Monday, June 4, 2007

Father, Son, and Holy Spirit

(A Sermon for Trinity Sunday based on John 16:12-15 and Romans 5:1-5)

In the church we baptize in the name of the Father, the Son, and the Holy Spirit. We praise God as Holy Trinity: “Praise Father, Son, and Holy Ghost” the Doxology says and “Glory be to the Father, and to the Son, and to the Holy Ghost,” the Gloria Patri says.

We need, though, to focus more on God as Holy Trinity. Why? Because that is how God has revealed himself to us. Granted, the doctrine of the Trinity is presented formally nowhere in the Bible, by which I mean that the Bible nowhere says, “There is one God in three persons and here is how you are supposed to think and talk about that.” The Bible does nonetheless show us that God is Father, Son, and Holy Spirit. That is how God has revealed himself to be and our task as Christians is to know God as he has revealed himself to be, not as we would like him to be or only as we can imagine him to be. The Trinity is how God has revealed himself to be and we can only believe in God because he has revealed himself and as he has revealed himself [Karl Barth, Credo (New York: Charles Scribner’s Sons, 1962), pp. 13-14].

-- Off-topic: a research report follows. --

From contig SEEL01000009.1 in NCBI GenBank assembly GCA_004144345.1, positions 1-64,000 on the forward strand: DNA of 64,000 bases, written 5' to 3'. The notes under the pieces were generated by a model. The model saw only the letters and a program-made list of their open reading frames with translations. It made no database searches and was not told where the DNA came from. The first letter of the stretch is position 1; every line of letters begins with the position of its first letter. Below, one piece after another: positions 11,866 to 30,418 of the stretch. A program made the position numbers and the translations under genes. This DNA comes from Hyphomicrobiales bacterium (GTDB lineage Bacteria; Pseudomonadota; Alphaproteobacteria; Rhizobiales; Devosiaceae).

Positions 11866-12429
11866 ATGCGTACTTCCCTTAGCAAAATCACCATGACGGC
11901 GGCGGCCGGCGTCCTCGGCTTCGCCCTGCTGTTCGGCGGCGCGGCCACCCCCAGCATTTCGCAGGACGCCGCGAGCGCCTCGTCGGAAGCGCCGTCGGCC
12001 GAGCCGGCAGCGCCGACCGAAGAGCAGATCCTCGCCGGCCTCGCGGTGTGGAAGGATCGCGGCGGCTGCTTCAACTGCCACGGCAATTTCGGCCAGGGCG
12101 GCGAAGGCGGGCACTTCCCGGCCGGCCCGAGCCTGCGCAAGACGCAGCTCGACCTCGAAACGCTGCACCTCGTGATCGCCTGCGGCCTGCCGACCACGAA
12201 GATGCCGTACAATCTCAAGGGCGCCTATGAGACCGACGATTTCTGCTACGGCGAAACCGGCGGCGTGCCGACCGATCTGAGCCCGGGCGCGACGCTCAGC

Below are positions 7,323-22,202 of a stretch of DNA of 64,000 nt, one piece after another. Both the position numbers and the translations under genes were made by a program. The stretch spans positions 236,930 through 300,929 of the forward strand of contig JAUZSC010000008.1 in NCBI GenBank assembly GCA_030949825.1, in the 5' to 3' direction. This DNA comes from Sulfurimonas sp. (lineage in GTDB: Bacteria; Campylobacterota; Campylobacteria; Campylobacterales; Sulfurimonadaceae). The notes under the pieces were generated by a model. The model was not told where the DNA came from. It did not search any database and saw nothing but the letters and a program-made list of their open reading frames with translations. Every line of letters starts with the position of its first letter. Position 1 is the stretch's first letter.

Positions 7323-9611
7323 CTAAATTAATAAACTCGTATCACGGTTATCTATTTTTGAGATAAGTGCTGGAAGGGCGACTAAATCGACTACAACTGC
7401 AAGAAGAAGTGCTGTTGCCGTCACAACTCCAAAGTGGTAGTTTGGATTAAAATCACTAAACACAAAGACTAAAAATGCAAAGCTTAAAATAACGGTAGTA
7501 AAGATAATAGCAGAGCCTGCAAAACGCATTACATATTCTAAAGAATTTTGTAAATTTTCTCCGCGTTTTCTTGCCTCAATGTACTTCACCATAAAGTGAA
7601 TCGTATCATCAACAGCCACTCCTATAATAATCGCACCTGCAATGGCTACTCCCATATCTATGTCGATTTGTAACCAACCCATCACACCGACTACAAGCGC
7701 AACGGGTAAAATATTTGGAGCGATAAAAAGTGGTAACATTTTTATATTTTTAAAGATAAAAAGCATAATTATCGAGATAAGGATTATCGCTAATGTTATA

One reality about God to which God’s revelation of himself as Trinity points us is that he is characterized by relationship. The first biblical phrase that most children learn is “God is love.” God is defined by love. Love requires a relationship; one cannot love by oneself. Only God is eternal and if God is love and always has been love then that love must be shared and must always have been shared. As E. Y. Mullins put it early in the last century, “(A)s eternal love God must have an object which is also eternal. His Son and his Spirit are such objects” [E. Y. Mullins, The Christian Religion in Its Doctrinal Expression (Nashville: Sunday School Board of the Southern Baptist Convention, 1917), pp. 208-209]. The relationship that exists within God himself as Father, Son, and Holy Spirit enabled God’s love to operate even before there was a physical creation. Thankfully his love led him to create us in order that we might have fellowship with him, also.